In America, we're used to a certain way that things work and have worked for a long time. No country in the world is an exception. That's part of how stable government works, whether it's a monarchy or a democratic republic. That's a good thing. I also can't think of a single country that I've studied that hasn't undergone some form of radical transformation in the course of its history, be it for better or worse.

In America, the federal government and the states below it are governed by a constitution. With the brief exception of the Articles of Confederation that governed us in our nation's infancy, the Constitution is all we've known, besides individual state constitutions. I think people on both sides of the issues, with few exceptions, hold to this Constitution as the governing and protecting force of our country. As great of an ideal as it is, though, if you follow Christ, you know this is not true... hopefully, and this is the real reason why I'm upset. I believe we've forgotten what we signed up for.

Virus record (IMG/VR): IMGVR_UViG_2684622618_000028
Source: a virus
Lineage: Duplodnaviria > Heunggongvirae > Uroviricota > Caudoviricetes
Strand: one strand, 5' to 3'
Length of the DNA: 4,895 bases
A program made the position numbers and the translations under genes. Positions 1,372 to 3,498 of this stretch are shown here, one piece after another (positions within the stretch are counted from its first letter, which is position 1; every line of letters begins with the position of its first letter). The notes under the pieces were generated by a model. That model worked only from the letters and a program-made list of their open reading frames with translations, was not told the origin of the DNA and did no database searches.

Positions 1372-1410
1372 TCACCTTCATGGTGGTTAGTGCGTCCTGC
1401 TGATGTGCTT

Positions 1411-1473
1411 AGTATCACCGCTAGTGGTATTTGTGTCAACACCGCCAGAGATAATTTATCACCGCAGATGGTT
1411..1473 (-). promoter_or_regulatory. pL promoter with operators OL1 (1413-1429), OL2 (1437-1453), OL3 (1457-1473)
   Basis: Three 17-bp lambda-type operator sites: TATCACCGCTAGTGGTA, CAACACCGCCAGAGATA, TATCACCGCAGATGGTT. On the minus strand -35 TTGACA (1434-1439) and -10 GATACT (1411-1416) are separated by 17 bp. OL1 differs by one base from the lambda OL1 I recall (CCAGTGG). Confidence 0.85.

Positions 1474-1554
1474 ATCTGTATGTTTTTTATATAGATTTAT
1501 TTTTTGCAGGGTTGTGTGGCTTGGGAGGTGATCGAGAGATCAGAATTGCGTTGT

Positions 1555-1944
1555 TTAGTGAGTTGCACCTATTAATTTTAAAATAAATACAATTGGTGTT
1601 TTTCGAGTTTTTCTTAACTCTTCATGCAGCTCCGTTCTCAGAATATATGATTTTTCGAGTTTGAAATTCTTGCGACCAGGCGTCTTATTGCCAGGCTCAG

1: We're a part of a kingdom, not a democracy.

"Your kingdom come, your will be done on earth as it is in heaven." --Jesus Christ, according to Matthew

For as many times we recite these words, we seem to have a distinct separation in our minds between how we live for America and how we live for the kingdom. Let me not be abstract about "the kingdom." Let me not hyper-spiritualize "the kingdom." It is a kingdom, and we have a king. He is the final authority on all things. He began our faith when we needed it to return to Him, and He will finish our faith when we are finally home in His presence forever.